Amazon is offering $10 USD in promotional credit to shoppers who register their palm prints in its checkout-free stores and link it to their Amazon account.
Amazon says it first introduced its biometric palm scanners, called Amazon One, in September as an easy method of paying for products in-store. As of February, the scanners had been implemented in some of its Whole Foods and Amazon Go stores in Seattle and are now available in 50 locations across the United States. In addition, the company says that thousands of customers have already signed up for the service.
On its website, Amazon explained that the palm scanning hardware utilizes “proprietary imaging and computer vision algorithms” to capture the palm’s “distinct features on and below the surface, many that are indiscernible to the human eye or a standard camera.” The data is stored in the cloud indefinitely, unless a shopper doesn’t use an Amazon One for two years or deletes it once there are no outstanding transactions.
Some experts have expressed concerns about the privacy and security of widespread biometric data use, particularly from big tech companies like Amazon.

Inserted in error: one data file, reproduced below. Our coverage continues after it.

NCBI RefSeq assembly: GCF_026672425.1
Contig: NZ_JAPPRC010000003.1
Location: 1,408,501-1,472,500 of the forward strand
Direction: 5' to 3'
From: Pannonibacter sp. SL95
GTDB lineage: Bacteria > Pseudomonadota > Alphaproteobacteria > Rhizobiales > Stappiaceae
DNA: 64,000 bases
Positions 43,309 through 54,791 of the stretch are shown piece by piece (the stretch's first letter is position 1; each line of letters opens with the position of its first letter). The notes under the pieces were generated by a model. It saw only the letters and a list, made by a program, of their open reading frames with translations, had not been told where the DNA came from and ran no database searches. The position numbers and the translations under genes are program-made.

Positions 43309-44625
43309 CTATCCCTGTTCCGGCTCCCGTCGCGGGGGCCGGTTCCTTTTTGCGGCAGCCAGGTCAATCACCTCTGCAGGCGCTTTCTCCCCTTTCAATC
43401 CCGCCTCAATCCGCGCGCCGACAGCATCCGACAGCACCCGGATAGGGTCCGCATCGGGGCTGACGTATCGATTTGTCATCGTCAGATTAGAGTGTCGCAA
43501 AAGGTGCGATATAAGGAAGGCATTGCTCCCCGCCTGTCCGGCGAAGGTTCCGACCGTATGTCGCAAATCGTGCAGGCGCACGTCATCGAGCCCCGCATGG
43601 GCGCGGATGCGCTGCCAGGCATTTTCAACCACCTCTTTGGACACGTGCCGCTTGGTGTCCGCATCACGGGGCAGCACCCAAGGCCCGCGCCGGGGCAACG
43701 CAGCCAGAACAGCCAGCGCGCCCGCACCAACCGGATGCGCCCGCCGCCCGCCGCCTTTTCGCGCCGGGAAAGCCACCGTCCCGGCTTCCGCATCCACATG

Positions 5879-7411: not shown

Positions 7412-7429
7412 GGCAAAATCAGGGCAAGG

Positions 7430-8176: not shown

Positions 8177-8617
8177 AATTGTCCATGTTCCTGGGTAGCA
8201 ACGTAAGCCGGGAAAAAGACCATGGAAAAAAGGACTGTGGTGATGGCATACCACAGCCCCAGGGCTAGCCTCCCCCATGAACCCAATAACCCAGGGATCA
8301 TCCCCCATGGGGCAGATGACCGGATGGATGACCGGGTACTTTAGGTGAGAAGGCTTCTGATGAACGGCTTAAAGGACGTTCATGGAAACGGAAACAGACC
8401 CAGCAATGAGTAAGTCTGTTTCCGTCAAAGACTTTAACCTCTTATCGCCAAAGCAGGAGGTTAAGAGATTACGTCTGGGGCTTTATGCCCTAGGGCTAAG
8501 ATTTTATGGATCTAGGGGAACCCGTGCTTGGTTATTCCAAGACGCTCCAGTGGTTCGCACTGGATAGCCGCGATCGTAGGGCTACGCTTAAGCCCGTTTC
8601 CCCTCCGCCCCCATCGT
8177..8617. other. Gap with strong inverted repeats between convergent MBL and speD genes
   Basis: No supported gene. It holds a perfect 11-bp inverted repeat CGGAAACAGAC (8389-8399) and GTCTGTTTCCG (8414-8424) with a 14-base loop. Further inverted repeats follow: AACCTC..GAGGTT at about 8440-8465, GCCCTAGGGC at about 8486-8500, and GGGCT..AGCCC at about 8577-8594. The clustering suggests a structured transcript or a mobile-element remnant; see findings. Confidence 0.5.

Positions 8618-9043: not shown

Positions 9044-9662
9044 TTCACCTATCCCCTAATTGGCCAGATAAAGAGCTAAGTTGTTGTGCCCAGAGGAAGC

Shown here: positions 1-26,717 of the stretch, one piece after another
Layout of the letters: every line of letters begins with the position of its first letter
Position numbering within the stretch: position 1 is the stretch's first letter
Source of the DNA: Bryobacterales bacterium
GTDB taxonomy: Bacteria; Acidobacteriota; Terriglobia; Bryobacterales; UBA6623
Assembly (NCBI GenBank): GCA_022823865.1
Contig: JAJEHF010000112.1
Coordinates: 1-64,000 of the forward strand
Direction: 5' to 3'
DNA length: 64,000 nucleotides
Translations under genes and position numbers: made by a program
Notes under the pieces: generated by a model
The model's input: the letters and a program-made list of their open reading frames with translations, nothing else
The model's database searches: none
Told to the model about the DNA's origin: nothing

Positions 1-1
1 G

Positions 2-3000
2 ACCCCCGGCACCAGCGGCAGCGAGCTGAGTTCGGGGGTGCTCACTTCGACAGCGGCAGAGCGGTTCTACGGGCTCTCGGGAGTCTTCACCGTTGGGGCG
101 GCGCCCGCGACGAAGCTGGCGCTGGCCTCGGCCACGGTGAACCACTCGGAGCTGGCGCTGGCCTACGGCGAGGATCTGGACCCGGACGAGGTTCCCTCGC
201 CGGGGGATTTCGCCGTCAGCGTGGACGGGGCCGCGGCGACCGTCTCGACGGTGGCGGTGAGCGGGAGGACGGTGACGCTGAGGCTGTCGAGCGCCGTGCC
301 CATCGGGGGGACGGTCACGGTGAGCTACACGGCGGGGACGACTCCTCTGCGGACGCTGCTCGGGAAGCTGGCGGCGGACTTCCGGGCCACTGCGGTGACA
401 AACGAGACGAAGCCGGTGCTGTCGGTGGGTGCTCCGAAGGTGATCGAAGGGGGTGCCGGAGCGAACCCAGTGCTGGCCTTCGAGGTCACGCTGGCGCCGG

The executive director of the Surveillance Technology Oversight Project, Albert Fox Cahn, told TechCrunch, who first spotted the Amazon One promotion, that biometric data is “one of the only ways that companies and governments can track us permanently” since a person can change their name, for example, but not their palm print.
In 2018, the company reportedly licensed its facial recognition technology to the U.S. government and other law enforcement bodies.
On August 2, Amazon was hit with a record-breaking fine of $888 million USD by data privacy regulators in the European Union for allegedly violating its data privacy network.
In other tech news, Twitter partnered with the Associated Press and Reuters in its continuous efforts to fight against misinformation.
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